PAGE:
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History of Cannibalism in China


Descriptions of cannibalism appear repeatedly in Chinese history, in numerous historical writings and literature, and most recently during the Cultural Revolution in the testimony of Cheng I, the Chinese film producer and writer who fled to Hong Kong in the spring of 1992 and sought asylum in the United States in 1993.

In his book Shokujin Enseki - Massatsu sareta Chugoku Gendaishi (Cannibal Banquet - Modern Chinese History Erased) (Tokyo: Kodansha Kappa Books, 1993), Cheng I describes in detail how, as a young Red Guard during the Cultural Revolution in south China, he witnessed hundreds of children, women and men classified as Counter-revolutionaries killed and eaten by the perpetrators, with such comments as "human meat tastes better when broiled than boiled."

In the recently published collection of studies Chugoku Igaishi, historian Okada Hidehiro quotes passages from the classic Ming dynasty (1368-1644) novel Water Margin, also known as All Men Are Created Equal, describing a group of villains who sell human meat as beef, as well as other characters who eat human flesh.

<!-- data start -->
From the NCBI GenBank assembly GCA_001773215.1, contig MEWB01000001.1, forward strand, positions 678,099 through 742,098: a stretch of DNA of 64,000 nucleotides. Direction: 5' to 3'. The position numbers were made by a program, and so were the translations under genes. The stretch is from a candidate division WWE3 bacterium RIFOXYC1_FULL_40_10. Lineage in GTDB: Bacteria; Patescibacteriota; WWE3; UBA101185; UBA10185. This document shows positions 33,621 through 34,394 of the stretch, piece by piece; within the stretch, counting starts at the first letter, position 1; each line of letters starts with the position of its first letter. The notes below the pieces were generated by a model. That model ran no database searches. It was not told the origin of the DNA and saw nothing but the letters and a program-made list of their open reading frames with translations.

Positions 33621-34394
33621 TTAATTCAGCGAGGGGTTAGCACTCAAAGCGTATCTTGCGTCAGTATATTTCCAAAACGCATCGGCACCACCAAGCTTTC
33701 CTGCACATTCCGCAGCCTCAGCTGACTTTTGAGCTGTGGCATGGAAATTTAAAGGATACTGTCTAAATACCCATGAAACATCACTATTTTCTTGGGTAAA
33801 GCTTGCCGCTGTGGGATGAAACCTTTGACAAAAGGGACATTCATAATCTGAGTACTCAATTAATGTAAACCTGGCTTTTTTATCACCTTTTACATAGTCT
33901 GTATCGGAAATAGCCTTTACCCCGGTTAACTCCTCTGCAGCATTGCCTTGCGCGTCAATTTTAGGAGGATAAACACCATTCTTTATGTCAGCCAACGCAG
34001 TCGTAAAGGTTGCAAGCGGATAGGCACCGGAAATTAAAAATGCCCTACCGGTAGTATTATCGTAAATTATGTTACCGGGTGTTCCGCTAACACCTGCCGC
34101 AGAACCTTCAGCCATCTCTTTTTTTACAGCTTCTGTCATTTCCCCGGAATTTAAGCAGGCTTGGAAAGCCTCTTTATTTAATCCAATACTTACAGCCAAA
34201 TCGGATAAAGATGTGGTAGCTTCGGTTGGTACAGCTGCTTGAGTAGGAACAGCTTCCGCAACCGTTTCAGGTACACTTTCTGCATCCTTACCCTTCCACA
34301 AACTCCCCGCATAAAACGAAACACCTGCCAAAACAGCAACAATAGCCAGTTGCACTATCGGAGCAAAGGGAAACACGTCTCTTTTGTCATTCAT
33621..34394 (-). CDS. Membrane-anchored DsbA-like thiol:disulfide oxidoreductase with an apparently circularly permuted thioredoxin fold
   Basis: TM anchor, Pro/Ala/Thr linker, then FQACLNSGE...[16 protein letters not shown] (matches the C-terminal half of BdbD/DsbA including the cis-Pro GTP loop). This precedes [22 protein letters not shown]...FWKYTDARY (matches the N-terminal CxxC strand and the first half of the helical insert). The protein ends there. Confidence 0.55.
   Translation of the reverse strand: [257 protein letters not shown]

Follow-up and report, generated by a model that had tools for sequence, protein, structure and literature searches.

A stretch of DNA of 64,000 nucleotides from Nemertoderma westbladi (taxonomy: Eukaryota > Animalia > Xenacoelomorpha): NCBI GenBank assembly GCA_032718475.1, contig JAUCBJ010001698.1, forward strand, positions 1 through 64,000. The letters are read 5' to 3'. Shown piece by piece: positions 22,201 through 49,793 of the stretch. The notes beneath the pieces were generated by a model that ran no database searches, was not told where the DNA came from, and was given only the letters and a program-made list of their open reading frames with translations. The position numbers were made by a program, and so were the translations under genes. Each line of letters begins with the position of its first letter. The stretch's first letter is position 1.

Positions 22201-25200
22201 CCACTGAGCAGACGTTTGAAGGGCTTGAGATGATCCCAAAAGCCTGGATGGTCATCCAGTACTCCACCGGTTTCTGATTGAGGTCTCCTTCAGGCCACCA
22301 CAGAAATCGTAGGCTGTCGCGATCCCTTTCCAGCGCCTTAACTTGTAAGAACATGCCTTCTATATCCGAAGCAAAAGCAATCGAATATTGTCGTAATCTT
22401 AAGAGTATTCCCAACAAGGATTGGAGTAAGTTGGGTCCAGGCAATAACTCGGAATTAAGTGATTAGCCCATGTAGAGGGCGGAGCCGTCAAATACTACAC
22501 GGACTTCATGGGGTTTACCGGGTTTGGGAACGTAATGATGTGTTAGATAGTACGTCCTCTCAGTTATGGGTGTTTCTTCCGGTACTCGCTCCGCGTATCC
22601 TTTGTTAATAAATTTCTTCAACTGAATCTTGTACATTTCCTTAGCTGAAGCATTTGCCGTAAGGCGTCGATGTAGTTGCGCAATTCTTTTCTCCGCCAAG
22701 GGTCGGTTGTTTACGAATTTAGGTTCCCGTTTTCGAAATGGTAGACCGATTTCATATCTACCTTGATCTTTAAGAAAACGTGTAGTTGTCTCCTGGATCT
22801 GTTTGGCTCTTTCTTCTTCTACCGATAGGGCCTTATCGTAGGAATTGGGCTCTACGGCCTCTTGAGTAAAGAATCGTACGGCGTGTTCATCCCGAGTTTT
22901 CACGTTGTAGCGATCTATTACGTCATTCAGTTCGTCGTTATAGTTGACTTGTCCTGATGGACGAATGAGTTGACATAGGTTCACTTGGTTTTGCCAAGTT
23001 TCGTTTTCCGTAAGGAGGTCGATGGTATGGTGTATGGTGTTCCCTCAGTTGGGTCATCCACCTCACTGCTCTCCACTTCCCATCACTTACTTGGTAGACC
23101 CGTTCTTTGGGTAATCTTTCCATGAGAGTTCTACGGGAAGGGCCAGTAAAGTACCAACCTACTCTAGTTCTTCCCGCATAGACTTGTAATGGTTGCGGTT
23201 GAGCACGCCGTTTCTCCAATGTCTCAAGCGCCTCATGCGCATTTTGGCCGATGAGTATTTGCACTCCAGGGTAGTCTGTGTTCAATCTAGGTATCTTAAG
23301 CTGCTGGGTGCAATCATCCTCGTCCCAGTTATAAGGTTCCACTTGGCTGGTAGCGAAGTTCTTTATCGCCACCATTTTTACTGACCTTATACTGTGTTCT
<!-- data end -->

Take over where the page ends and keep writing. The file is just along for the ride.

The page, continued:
According to Okada, King Chu of the Ying dynasty (11th century BC) is alleged to have made salted meat and dried meat out of two feudal lords, as well as soup out of son of King Wen of Zhou, which he made King Wen eat.

During times of severe famine, a frequent occurence in China, cannibalism became marked.

The Great Historian Sima Qian records that in 594BC people ate each other's children and the dead in the walled city of Song, when it was beseiged by the Chu army.

In the 9th century, towards the end of the Tang dynasty (618-906) a Persian trader reported that human flesh was being sold openly in markets.

During the 12th century, it was said that 15 jin (1 jin = 1.323lbs) of dried meat was obtained from one human being.

Towards the turbulent close of Yuan dynasty (1276-1368), it was said that children's meat was best, then women's, and the least were men's.

Cannibalism was practiced not merely for sheer survival, but also as a means of revenge. Lu Xun (1881-1936) recounts such a case in his work ...., in which a revolutionary was killed in 1907 and his heart eaten by an enemy. This incident may have also inspired Lu Xun to write his celebrated novel Diary of a Madman (1918), in which cannibalism sevres as an analogy for the decrepit state of modern China.

The Chinese also believed medicinal benefits could be obtained from eating human flesh, and the benefits are described in their 16th century medicinal book Bencao Ganmu.


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Source: Okada Hidehiro. Chugoku Igaishi. (Tokyo: Shinshokan, 1997) pp.130-143.